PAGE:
Forty-seven graduates on Saturday received their certificates after completing a 15-week programme on parenting.
Members from communities in and around Port-of-Spain, including Leau Place, Mango Rose, Rose Hill, Clifton Hill, Jackson Place, were encouraged to join the Parenting Education Programme 2017, which was held by Families in Action in conjunction with the Ministry of National Security’s Citizens Security Programme.
At the graduation ceremony at the Servol Ltd Gerry Pantin Building, Pembroke Street, Port-of-Spain, Families in Action CEO Dionne Guischard told parents the programme was designed to equip them to develop the skills they already had.
“We have tried to equip you through our programme ... to be a good parent, a parent who tries their best and who seek support when necessary, to raise children who would add value to Trinidad and Tobago.”
However she said the purpose of the entire programme was to encourage parents and communities to be part of Development of Parent Support Groups in their areas as it would help them deal with the challenges of parenthood.
One graduate, Suzan Dhany, from Las Lomas, told Newsday she was an early childhood care and education teacher and had been in the profession for the past 25 years. She took the course to refresh her training and enhance her skill in dealing with youngsters.
She said learning the signs of an abused child intrigued her as, unfortunately, children were being abused more often over the years. She said she also appreciated the “sense of togetherness” among the participants, and the pleasant memories of “back-a-day” some of the sessions induced.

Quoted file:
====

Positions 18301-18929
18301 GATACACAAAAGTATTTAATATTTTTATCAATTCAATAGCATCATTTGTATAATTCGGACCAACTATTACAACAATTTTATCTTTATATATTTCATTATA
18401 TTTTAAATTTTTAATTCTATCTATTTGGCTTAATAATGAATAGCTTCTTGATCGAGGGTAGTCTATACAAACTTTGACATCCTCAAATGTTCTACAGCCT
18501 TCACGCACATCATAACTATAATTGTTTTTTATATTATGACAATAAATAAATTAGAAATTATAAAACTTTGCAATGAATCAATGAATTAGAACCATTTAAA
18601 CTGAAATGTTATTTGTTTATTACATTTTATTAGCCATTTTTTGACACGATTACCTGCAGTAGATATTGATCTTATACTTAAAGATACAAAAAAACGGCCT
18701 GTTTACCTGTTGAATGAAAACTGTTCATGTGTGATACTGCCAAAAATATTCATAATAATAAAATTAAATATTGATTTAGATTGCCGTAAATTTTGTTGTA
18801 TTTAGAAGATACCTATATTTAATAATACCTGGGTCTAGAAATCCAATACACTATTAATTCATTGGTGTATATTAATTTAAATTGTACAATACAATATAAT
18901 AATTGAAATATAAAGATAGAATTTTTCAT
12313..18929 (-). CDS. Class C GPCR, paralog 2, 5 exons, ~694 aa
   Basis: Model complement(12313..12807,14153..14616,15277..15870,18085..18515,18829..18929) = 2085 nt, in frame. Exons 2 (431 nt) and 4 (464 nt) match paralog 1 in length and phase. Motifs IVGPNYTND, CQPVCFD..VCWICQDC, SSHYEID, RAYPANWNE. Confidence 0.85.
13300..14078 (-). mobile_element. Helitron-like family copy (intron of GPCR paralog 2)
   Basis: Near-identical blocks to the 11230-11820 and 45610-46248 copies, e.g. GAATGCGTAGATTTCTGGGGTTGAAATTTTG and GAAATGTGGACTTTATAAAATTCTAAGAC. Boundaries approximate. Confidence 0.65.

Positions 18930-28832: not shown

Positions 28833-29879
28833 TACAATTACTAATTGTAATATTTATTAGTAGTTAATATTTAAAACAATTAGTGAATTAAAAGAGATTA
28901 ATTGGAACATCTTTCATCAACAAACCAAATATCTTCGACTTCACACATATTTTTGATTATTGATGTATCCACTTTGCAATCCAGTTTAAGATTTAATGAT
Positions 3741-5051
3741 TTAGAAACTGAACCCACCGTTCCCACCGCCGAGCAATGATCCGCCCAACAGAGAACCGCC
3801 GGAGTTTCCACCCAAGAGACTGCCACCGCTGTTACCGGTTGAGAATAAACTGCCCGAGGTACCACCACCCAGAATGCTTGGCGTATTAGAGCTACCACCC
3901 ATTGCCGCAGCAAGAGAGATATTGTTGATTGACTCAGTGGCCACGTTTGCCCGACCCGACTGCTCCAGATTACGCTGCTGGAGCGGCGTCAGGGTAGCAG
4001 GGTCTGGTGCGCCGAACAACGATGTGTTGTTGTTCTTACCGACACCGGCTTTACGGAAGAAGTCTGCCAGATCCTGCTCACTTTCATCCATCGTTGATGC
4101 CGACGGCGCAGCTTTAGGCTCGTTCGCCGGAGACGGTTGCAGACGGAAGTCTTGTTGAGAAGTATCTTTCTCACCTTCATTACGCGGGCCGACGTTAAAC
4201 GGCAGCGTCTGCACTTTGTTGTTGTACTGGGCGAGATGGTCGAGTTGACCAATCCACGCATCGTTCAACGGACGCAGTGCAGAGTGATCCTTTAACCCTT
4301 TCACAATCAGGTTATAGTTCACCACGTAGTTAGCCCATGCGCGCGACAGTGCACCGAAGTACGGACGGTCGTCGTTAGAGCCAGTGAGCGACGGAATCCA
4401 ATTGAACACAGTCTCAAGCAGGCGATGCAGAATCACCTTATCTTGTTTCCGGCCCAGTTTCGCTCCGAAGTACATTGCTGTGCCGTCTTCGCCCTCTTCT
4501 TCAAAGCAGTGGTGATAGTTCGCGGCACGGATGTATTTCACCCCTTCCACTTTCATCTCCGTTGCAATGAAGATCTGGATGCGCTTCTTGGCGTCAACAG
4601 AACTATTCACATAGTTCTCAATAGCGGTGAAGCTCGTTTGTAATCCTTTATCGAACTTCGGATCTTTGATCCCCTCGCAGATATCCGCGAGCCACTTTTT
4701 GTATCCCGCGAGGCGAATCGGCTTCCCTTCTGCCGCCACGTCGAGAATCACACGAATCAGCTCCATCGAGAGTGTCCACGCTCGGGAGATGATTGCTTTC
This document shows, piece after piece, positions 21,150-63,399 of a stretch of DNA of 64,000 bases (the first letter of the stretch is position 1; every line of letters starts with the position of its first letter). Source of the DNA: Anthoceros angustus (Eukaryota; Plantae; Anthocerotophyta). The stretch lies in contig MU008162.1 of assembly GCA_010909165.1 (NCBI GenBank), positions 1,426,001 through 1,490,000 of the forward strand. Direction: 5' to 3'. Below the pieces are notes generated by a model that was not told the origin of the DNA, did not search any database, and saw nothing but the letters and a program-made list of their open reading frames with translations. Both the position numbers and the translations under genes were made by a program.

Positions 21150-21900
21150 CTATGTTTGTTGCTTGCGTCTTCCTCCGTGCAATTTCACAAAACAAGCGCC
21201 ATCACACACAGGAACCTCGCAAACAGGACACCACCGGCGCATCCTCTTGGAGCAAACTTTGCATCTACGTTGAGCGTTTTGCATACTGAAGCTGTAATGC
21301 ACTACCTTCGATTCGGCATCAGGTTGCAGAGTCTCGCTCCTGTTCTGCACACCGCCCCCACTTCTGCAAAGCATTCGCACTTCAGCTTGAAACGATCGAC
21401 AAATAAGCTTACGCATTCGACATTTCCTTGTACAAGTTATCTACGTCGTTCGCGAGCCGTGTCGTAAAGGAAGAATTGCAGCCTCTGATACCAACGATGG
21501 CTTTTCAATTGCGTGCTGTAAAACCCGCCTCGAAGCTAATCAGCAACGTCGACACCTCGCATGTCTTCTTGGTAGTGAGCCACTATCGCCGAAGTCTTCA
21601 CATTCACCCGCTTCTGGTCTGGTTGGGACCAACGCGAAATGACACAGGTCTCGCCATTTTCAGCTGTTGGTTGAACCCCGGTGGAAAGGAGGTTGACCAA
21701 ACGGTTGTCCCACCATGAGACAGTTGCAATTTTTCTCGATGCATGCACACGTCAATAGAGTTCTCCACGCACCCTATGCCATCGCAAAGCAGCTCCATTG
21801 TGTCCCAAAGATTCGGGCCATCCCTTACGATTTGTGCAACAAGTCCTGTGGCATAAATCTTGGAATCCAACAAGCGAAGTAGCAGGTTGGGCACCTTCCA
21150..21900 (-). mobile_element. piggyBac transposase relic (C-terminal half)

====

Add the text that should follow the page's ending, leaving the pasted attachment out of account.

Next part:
Another graduate, Fabayo Courtney Danglade from Maraval, said her daughter was one year and eight months old, so anything to do with parenting was important for her to learn. And the fact that the programme was free of charge also helped in her decision to join.
She said although there were many interesting and significant points made, three points affected her personally - the need to put God first, having patience, and the idea that families should have fun together.
“I don’t know how to explain it. All I know is that this programme did something for me that I didn’t think it would have done. It opened my mind and gave me positive ideas I didn’t think I had in me.”
Danglade said she wanted to let people know how important the programme was as she believed it could not only revive family life, but community life as well.